I'll, ahem, argue, that there's a primal need in the back of our brains to search for ideas that are comforting. We want to hear things that reassure us that the world is as we believe and it's great fun to see the people who disagree with us proved wrong, or at least look stupid. That suddenly overused phrase about "finding your tribe" is actually pretty deep -- we're wired to be members of a tribe, pretty much an extended family unit, and for good or ill our brains will find a way to find our tribe.
With the Internet, mobile computing, on-demand entertainment and 24/7 news our tribal brains can find reassurance with the touch of a few buttons. If I stumble across Glen Beck and don't like what he's saying, I can pull up last night's episode of The Daily Show and get reassurance from a member of my mental tribe.
If you don't agree with me, you don't have to learn how to accommodate my ideas -- you can instantly find someone who will call me and my crazy ideas idiotic. We don't really fact-check so much as we fact-cherry-pick -- find the ideas that best support the ideas we already believe and ignore the stuff that doesn't fit.
I ignore a lot of stuff. I'm not proud of it, I'm just really tired. Looking at an idea that doesn't fit takes energy. Actually letting that idea in and giving it a place to live with all the other ideas I have in my head is even more exhausting -- it's much easier for me to find some rationalization to simply make this new idea go away.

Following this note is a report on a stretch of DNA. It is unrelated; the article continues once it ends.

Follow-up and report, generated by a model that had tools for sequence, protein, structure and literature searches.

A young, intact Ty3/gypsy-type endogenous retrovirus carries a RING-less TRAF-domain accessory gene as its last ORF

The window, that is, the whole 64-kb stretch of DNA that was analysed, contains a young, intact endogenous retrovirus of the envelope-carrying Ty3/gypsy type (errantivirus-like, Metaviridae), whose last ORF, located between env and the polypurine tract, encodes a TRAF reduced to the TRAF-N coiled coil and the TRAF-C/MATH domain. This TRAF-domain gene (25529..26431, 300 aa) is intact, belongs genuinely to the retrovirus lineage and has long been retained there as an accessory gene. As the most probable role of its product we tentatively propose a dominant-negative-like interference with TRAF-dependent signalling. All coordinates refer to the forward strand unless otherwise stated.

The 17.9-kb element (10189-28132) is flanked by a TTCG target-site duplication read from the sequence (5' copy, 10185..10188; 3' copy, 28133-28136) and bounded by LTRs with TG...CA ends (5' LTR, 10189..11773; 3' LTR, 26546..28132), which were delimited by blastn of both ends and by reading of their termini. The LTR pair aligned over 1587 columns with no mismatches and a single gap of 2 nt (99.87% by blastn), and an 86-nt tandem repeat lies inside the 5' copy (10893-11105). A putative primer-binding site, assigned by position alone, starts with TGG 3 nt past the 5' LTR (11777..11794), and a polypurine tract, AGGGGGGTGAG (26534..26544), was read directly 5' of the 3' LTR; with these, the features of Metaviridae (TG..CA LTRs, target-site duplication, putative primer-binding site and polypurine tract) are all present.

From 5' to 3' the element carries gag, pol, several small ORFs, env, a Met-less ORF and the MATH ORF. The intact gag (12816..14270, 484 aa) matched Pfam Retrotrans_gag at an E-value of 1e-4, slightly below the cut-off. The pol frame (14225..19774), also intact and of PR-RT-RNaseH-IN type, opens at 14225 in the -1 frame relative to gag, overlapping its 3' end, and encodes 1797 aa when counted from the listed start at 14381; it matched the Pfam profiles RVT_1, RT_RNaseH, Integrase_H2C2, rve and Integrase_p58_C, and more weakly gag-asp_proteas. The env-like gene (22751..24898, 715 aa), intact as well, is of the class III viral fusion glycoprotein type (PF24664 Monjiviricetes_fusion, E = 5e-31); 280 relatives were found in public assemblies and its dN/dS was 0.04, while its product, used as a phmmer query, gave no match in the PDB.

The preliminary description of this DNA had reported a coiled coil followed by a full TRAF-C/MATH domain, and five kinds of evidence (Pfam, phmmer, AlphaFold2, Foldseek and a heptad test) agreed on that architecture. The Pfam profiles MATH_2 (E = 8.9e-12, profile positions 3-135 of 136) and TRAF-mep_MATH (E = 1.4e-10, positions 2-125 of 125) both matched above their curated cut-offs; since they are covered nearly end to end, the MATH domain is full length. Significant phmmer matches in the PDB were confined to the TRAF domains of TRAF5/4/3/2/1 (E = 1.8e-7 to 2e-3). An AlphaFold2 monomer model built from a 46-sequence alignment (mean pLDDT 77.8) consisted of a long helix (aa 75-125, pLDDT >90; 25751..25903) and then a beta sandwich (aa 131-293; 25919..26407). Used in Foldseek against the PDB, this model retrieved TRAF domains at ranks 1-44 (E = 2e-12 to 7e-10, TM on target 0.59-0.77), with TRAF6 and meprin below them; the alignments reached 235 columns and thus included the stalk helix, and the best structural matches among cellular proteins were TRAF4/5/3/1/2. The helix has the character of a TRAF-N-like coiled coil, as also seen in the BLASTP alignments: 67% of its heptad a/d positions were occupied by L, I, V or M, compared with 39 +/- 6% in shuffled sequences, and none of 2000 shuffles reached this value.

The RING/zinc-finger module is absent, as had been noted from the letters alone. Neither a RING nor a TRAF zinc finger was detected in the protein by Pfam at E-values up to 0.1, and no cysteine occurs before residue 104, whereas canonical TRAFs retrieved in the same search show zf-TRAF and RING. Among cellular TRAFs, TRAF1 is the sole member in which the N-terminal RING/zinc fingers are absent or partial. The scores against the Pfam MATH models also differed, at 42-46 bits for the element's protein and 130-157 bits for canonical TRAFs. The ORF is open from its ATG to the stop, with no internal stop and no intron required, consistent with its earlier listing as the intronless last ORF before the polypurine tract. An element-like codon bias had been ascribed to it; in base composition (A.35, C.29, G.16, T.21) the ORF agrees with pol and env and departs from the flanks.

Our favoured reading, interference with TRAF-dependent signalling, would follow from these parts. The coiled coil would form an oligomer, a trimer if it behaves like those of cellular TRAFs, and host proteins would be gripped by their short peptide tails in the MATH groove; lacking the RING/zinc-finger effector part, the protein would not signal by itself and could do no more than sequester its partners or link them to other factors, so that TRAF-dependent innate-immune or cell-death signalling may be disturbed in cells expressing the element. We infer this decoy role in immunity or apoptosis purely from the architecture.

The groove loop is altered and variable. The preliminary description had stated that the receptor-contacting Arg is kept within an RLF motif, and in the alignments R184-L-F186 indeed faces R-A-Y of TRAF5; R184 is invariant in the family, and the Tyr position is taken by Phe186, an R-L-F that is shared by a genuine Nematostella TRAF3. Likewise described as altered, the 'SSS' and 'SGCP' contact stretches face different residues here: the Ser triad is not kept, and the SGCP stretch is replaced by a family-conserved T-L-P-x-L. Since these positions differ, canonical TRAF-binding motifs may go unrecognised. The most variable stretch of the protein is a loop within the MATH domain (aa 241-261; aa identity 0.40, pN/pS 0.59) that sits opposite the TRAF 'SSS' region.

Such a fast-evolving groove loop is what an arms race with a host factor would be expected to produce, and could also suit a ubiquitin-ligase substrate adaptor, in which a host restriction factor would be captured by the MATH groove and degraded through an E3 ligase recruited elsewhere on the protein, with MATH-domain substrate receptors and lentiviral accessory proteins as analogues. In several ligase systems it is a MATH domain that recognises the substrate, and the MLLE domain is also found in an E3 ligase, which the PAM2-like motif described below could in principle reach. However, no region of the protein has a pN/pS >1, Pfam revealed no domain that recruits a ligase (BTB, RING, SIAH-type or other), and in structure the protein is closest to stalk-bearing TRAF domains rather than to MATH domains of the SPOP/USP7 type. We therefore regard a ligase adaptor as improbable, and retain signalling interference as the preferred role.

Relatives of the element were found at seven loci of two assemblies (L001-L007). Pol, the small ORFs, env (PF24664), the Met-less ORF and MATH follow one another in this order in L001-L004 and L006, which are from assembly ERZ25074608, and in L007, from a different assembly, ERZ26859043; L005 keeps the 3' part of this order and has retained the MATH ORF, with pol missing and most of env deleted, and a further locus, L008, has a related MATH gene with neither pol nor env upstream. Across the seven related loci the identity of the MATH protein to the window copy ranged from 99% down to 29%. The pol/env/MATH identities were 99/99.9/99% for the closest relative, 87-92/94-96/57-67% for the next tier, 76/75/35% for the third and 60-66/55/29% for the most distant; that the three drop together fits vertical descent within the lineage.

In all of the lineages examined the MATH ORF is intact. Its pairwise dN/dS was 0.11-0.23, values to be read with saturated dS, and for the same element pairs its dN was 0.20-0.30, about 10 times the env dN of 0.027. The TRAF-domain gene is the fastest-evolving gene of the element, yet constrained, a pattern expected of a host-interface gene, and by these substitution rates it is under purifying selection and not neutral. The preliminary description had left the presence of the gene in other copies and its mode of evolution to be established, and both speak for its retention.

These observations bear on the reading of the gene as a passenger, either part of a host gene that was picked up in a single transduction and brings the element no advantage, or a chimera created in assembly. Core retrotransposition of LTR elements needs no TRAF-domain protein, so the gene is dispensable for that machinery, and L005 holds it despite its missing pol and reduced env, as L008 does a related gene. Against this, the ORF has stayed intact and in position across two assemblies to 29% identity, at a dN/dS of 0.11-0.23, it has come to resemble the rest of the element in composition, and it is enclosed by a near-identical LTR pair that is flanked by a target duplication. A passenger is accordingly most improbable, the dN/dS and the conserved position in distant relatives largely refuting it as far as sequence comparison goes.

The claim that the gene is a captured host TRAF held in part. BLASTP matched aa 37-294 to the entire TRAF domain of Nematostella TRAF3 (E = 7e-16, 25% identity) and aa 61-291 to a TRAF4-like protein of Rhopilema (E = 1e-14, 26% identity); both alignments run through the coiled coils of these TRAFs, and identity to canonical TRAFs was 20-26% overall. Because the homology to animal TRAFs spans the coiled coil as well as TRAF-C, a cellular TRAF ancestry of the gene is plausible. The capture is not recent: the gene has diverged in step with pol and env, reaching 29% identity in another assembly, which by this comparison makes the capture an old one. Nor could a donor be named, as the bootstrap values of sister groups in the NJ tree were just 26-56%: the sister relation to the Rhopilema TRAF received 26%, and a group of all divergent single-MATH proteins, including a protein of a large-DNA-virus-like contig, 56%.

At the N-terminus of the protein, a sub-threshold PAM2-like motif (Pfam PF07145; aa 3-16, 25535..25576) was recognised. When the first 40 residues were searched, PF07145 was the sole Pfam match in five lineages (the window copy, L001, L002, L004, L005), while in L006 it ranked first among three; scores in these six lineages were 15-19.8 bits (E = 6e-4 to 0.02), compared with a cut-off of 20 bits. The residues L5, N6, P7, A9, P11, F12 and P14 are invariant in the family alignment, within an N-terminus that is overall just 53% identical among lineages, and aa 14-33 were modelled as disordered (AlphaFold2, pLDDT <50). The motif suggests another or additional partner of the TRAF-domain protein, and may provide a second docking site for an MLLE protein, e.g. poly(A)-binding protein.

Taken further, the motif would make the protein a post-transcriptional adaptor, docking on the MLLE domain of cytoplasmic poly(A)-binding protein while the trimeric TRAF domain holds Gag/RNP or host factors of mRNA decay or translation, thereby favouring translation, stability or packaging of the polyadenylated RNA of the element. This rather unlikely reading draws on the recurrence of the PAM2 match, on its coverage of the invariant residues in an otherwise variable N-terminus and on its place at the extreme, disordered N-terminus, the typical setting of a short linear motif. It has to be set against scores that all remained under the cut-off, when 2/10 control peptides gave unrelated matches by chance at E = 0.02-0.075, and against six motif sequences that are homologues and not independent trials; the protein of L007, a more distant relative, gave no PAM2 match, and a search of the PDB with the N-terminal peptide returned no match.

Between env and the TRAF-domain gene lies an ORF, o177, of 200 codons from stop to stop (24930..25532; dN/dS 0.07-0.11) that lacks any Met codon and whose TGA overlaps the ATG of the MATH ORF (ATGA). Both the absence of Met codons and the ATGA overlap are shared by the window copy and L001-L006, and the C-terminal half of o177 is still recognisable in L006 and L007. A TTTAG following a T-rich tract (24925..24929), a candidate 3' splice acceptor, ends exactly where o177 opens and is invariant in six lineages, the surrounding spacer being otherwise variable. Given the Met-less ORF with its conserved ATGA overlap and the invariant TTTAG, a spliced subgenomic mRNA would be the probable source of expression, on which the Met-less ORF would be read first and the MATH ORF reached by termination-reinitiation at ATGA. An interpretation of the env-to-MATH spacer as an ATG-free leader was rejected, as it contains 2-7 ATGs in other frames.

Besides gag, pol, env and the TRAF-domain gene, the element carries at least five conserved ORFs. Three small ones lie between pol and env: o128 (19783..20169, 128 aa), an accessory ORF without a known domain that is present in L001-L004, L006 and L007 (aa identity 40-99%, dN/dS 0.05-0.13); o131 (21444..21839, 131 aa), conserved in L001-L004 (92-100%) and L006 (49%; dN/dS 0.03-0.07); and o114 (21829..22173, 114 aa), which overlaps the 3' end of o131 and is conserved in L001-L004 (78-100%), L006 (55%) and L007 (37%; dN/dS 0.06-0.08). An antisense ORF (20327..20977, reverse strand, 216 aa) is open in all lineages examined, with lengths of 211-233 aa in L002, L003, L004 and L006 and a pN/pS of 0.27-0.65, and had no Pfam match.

In one sense, I don't think there's anything wrong with that. I try to keep my clients on track -- we made a plan, now let's stick to it until the thing we're building is done and THEN we can look at new ideas. There are always going to be new ideas in the development of a project, but we have a process to record and revisit those ideas later.
But for most things in life, there isn't a process to evaluate new ideas, there isn't time to really give them a home, and there are so many credible seeming sources that allow us to reject the new idea, not set it aside to think about later, but bury it alive, and never go back.
I always seem to get around to the Amish at this point. They have a council of elders who review new ideas and consider the impact on their society before allowing the idea life. Of course, they're technologically up to about the early 1800s at this point, so it's not really a scalable process, but the idea of really thinking about ideas, and having a time and a place to do so, is sorely needed.